AiO CPU cooling – is it worth it? Which one to buy?

HARDWARE
AiO CPU cooling – is it worth it? Which one to buy?

The popularity of All in One water coolers is growing pretty rapidly. With such a wide variety of models available on the market that, at first glance, don’t seem to vary much form each other, it’s hard to choose the one that will best suit our needs. Let us help you out by addressing a few crucial issues that you should be aware of.

It’s not all about water, y’know

Water itself doesn’t do all the magic. It just conducts thermal energy from the block to the radiator where heat is ultimately dissipated to the air. That is why the radiator surface is extremely important and why AiOs with 1x 120 mm or 1x 140 mm radiators have worse performance than good air coolers. Additionally these AiOs are usually loud and expensive. For this reason I find it really hard to recommend them to anyone other than users who can’t fit a high performance air cooler in their PC case. 2x 120, 3x 120 and 2x 140mm variants have a way bigger heat dissipation surface and usually exceed the performance of the top air coolers.

kelvin s36It might seem that a sealed AiO is the best way to go, but in fact, water from a great many water cooling loops very slowly evaporates over time. That is why, after long term usage, non-expandable AiOs can accumulate air bubbles (creating air lock) that lower the performance of the radiator, and make the pump work very loudly or even cause it to fail.

With this in mind, I strongly recommend sets that can be disassembled. Fluid that is inside them can be refilled or even replaced. And replacement is quite useful for other reasons: corrosion inhibitors and the anti-alge properties of all fluids degrade over time and sets that can be disassembled can also be upgraded with, for example, a second water block and/or radiator. Or a user can simply exchange tubing for something longer or of a different colour, like in this bulid. These are all advantages that cannot be overlooked.

It’s also worth noting that pumps from AiO liquid cooling sets are usually rather loud so if you are planning to build a really quiet PC you are limited to a high end air cooler with a high quality fan or a custom water loop. If you buy the pump separately you can choose a model that operates more quietly than the pumps usually used in AiOs.

H240X2PRESTIGEIMG2It is important to remember that a pump is a mechanical element that can fail. And the set itself can leak and possibly kill your PC parts. These are, of course, rather unlikely events but they can happen. Air cooling is just a bit safer side than liquid cooling. There is less chance of failure and even if it occurs there is a smaller chance that it will cause serious damage.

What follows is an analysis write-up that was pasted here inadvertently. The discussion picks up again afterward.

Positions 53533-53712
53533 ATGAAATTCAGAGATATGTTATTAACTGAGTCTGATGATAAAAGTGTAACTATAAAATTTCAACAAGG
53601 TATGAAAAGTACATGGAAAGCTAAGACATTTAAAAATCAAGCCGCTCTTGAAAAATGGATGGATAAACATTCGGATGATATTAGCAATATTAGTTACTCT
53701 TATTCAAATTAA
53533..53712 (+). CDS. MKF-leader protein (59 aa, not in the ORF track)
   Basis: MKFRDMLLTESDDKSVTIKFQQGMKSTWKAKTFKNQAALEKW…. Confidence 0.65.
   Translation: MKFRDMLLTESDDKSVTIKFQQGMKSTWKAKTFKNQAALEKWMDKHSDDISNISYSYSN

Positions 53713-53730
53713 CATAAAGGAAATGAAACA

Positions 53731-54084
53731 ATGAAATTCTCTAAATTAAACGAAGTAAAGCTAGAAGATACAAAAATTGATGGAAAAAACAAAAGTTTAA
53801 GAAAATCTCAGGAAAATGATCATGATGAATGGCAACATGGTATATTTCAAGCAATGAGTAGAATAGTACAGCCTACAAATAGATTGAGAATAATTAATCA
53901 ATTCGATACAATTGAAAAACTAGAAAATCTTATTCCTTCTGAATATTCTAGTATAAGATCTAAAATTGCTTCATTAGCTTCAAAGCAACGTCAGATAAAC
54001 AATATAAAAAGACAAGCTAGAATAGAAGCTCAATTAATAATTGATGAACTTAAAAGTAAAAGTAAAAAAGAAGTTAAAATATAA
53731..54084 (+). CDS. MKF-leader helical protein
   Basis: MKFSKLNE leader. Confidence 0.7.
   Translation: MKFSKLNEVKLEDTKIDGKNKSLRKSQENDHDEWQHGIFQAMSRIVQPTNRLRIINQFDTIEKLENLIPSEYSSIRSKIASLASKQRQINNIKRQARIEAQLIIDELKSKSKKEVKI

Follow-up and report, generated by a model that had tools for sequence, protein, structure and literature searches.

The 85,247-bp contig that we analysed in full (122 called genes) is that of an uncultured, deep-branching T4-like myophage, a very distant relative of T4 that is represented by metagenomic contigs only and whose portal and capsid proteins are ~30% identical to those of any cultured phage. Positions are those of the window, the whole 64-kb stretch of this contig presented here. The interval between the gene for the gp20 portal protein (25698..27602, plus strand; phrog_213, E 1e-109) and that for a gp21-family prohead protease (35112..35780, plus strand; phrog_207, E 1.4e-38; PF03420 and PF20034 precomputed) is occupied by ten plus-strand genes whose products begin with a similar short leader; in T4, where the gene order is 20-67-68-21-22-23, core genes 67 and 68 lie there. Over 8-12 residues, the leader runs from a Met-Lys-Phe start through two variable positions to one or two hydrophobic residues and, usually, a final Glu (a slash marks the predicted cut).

It is usually better if the pump is not integrated with a water block.

It’s also worth bearing in mind that copper radiators perform significantly better than aluminium ones.

If you are going to go for an AiO, it’s best to be sure that you understand the limitations of your options and choose wisely. Good quality air coolers might very well be the better choice in ways that are important to your specific needs. If an AiO is poor, the air cooler can outperform it in literally all aspects. Don’t get me wrong, though. I write this not to discourage you from buying such a set. A lot of people consider AiOs to be the perfect solution and they may be right. However,  when you are making that choice, it is essential to be aware of exactly what it does, exactly what you need, and exactly which one will do the job best.

So, which ones are the best?

Taking into account the criteria outlined above, we are actually left with not too many models to choose from, since vast majority of sets cannot be disassembled. But these are worth checking out:

  • Alphacool / Cooler Master Eisberg 240
  • EKWB EK-XLC Predator 240 / 360
  • Fractal Design Kelvin S24 / S36
  • Swiftech H220 / H240 / H320

qdc 360

All of them have a radiator bigger than 1x 120 / 140 mm and are expandable. Personally, I find the Predator with QDC fittings really appealing. This set has great fans and a good pump included plus it is super convenient to expand with an additional pre-filled VGA full-cover water block, for example.

Keep in mind, however, that we are getting really close to custom water cooling loops now, where you can choose every single part that suits you best. On the other hand, this would require much more knowledge in order to make the right choices and greater awareness of the assembly process. I personally have custom liquid cooling but I understand that it is not for everybody. You really have to want it and be willing to spend quite a lot of money to complete it.

Conclusion

As I have said, low end AiO sets with small aluminium radiators that are not expandable are something that I would definitely discourage you from buying. Despite being low end, they are still rather pricey and, in my view, just not worth it. From all the other options though, it is fair to say that there is not one perfect solution. Air cooling, AiO, and custom water cooling have their pros and cons.  Have a good look at what’s out there. Air cooling is still standing strong! And if you really want AiO – go for something decent.

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Grzegorz Iwan
Grzegorz Iwan
Amateur extreme overclocker from Poland, one of two Poles who broke the 8 GHz CPU clock barrier. Hardware enthusiast and collector, envoy of PCMasterRace philosophy; You can find ivanov's fanpage here.

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